For a second straight year, fetal mortality in the U.S. has remained relatively unchanged since reaching a record low in 2019, even amid potentially heightened risk brought on by the COVID-19 pandemic.

Measured among fetuses at 20 weeks of gestation or more, the total fetal mortality rate in the U.S. was 5.68 deaths for every 1,000 live births and fetal deaths in 2021, according to a report published Thursday by the Centers for Disease Control and Prevention’s National Center for Health Statistics.

The rate did not significantly change from the count of 5.74 per 1,000 reported in 2020, researchers said, while the rate in 2020 also was relatively unchanged from the mark of 5.70 per 1,000 in 2019 – the year fetal mortality reached its lowest rate on record in the U.S.

A total of 20,948 fetal deaths occurred after at least 20 weeks of gestation in 2021, the report shows. That data is based on fetal death reports processed by NCHS as of June 17, 2022, representing what researchers said is approximately 99.5% of the expected count for 2021. There were 21,478 such deaths in 2019 and 20,854 in 2020.

Rates of fetal mortality remained essentially unchanged during both early- and later-stage pregnancies as well, the analysis found. For fetuses in between 20 and 27 weeks of gestation, the death rate was 2.93 per 1,000 live births and fetal deaths within that group in 2021, compared with 2.97 per 1,000 in 2020. The rate at 28 weeks or more of gestation went from 2.78 per 1,000 in 2020 to 2.77 per 1,000 in 2021.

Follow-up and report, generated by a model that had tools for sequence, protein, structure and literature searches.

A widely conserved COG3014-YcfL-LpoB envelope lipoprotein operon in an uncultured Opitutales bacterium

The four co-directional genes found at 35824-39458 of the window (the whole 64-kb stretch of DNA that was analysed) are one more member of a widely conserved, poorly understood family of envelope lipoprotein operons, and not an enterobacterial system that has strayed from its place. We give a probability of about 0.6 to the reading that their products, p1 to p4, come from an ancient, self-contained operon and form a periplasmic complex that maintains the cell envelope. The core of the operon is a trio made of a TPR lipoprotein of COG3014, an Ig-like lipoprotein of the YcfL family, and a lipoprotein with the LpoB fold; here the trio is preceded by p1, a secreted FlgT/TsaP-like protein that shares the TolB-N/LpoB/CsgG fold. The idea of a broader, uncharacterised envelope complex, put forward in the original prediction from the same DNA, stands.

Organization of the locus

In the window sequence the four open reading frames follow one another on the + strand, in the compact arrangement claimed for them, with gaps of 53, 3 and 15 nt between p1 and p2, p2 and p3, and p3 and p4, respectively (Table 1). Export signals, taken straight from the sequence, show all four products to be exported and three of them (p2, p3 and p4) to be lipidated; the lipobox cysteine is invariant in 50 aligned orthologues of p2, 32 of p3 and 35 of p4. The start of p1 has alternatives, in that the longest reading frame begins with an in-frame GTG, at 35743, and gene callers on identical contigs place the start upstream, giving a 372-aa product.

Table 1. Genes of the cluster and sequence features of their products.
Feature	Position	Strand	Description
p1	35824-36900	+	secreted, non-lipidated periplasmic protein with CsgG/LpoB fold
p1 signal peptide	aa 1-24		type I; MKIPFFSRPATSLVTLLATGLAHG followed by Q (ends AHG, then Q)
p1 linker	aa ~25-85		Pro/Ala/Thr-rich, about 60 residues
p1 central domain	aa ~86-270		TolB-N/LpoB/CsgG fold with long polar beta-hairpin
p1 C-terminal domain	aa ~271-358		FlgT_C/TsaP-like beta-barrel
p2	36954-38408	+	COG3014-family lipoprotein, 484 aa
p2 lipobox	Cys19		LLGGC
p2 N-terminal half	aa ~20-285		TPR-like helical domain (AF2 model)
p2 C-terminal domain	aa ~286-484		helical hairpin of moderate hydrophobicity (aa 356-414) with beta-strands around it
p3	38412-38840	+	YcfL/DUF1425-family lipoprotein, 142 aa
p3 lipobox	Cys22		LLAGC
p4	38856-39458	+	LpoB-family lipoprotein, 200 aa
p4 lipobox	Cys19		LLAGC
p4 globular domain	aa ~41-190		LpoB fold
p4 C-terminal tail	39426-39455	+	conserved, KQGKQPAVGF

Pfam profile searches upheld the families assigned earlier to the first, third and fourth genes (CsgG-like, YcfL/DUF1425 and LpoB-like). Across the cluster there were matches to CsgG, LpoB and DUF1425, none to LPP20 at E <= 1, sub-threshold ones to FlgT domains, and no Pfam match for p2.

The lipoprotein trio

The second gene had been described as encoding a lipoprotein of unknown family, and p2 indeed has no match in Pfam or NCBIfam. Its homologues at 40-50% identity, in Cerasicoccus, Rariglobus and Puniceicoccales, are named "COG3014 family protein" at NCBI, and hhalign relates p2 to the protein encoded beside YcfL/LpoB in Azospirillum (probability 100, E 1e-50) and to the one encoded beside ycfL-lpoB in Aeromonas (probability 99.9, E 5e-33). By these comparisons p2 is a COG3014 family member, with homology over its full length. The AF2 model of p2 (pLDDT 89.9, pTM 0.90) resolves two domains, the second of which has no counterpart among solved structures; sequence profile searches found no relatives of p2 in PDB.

The only significant change in fetal mortality depicted among racial and ethnic groups included in the report occurred among Black women in 2021, when the death rate declined by 5% to 9.8 per 1,000 compared with 10.34 per 1,000 in 2020. It was down 6% from the rate of 10.41 per 1,000 reported in 2019.

The rate among Black women “had been going down but not significantly up until the 2020-2021 time period,” says Elizabeth Gregory, a health scientist at NCHS and lead author of the report.

The report shows no significant change in fetal mortality among either white or Hispanic women from 2019 to 2020 or from 2020 to 2021.

Among U.S. states and the District of Columbia, just two states saw significant increases in their fetal mortality rate from 2020 to 2021, with the rate increasing 13% in Pennsylvania and 29% in Utah. Indiana was the only state to see a significant decrease in fetal morality, according to the provisional data, dropping 14% from 6.02 per 1,000 in 2020 to 5.15 per 1,000 in 2021. Fetal mortality rates by state are based upon the mother’s state of residence.

The findings of a steady fetal mortality rate come despite research indicating women who contracted COVID-19 during pregnancy were at higher risk for stillbirth compared with women who had not been infected. Other research did not identify such an association.

Still, Gregory points out that it is difficult to assess the direct impact of maternal COVID-19 on fetal deaths, since the disease status of the mother is not always reported in the case of such deaths – a point also made in the report.

“It is important to note that maternal COVID-19 status is not routinely collected on reports of fetal death unless entered as a cause of death and, therefore, its impact cannot be directly examined here,” the report states.

Source link

Leave a Reply

Your email address will not be published. Required fields are marked *